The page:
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Prof. Al Hero editor of new book: Big Data over Networks

The book explores the principles underpinning large-scale information processing over networks and the crucial interaction between big data and its associated communication, social and biological networks.| Short Read
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Alfred O. Hero, III, John H. Holland Distinguished University Professor of EECS and R. Jamison and Betty Williams Professor of Engineering, is co-editor of the book, Big Data over Networks, published by Cambridge University Press, along with Prof. Shuguang Cui (Texas A&M), Prof. Zhi-Quan Luo (U. Minnesota), and Prof. José Moura (CMU).

The book explores the principles underpinning large-scale information processing over networks and examines the crucial interaction between big data and its associated communication, social and biological networks. Written by experts in the diverse fields of machine learning, optimisation, statistics, signal processing, networking, communications, sociology and biology, this book employs two complementary approaches: first analysing how the underlying network constrains the upper-layer of collaborative big data processing, and second, examining how big data processing may boost performance in various networks. The book is designed for graduate students, scientific researchers and industry practitioners.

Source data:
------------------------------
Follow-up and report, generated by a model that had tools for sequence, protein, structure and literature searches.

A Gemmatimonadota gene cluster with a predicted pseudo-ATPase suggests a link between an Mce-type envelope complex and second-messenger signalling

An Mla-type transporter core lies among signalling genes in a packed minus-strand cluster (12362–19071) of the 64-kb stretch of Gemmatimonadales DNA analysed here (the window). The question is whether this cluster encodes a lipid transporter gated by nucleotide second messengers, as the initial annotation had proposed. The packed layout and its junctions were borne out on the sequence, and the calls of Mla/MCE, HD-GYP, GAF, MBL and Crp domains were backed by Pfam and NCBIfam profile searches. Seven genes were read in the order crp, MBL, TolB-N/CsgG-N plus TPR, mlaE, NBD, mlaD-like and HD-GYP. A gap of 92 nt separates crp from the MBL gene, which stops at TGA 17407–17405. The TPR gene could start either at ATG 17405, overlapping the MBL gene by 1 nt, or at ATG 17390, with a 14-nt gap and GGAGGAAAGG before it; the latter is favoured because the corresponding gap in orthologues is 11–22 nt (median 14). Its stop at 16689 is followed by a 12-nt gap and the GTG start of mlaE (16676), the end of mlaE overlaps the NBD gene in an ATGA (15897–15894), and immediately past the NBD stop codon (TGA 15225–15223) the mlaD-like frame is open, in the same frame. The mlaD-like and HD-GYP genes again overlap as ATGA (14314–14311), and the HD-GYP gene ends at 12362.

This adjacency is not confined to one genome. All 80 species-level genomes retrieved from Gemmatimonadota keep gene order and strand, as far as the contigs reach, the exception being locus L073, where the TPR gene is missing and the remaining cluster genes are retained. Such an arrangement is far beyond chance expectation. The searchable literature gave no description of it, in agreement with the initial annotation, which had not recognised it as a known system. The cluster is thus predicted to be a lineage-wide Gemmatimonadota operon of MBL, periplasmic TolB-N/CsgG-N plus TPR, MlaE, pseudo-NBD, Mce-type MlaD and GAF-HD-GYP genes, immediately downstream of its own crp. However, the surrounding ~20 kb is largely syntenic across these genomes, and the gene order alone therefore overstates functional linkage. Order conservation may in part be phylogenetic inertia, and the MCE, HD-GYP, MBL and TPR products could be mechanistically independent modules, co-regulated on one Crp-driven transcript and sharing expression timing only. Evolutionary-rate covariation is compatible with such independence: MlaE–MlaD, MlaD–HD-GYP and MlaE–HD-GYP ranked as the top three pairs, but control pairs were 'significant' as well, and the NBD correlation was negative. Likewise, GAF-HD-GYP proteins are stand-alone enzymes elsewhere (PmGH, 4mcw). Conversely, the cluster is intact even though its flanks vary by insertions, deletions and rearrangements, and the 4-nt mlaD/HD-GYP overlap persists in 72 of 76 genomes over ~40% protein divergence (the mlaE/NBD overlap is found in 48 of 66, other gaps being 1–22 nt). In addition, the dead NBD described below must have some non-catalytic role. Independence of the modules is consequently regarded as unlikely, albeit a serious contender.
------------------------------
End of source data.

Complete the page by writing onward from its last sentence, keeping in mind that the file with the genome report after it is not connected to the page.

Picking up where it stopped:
Prof. Hero is an internationally recognized expert in the field of signal and image processing. His recent research interests are data science, bioinformatics and personalized health, statistical signal processing and imaging, correlation mining, statistical machine learning and pattern recognition, wearable wireless sensors, sensor networks, and sensor management. He is co-director of the Michigan Institute for Data Science (MIDAS).


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The electrons absorb laser light and set up “momentum combs” (the hills) spanning the energy valleys within the material (the red line). When the electrons have an energy allowed by the quantum mechanical structure of the material—and also touch the edge of the valley—they emit light. This is why some teeth of the combs are bright and some are dark. By measuring the emitted light and precisely locating its source, the research mapped out the energy valleys in a 2D crystal of tungsten diselenide. Credit: Markus Borsch, Quantum Science Theory Lab, University of Michigan.

Mapping quantum structures with light to unlock their capabilities

Rather than installing new “2D” semiconductors in devices to see what they can do, this new method puts them through their paces with lasers and light detectors. | Medium Read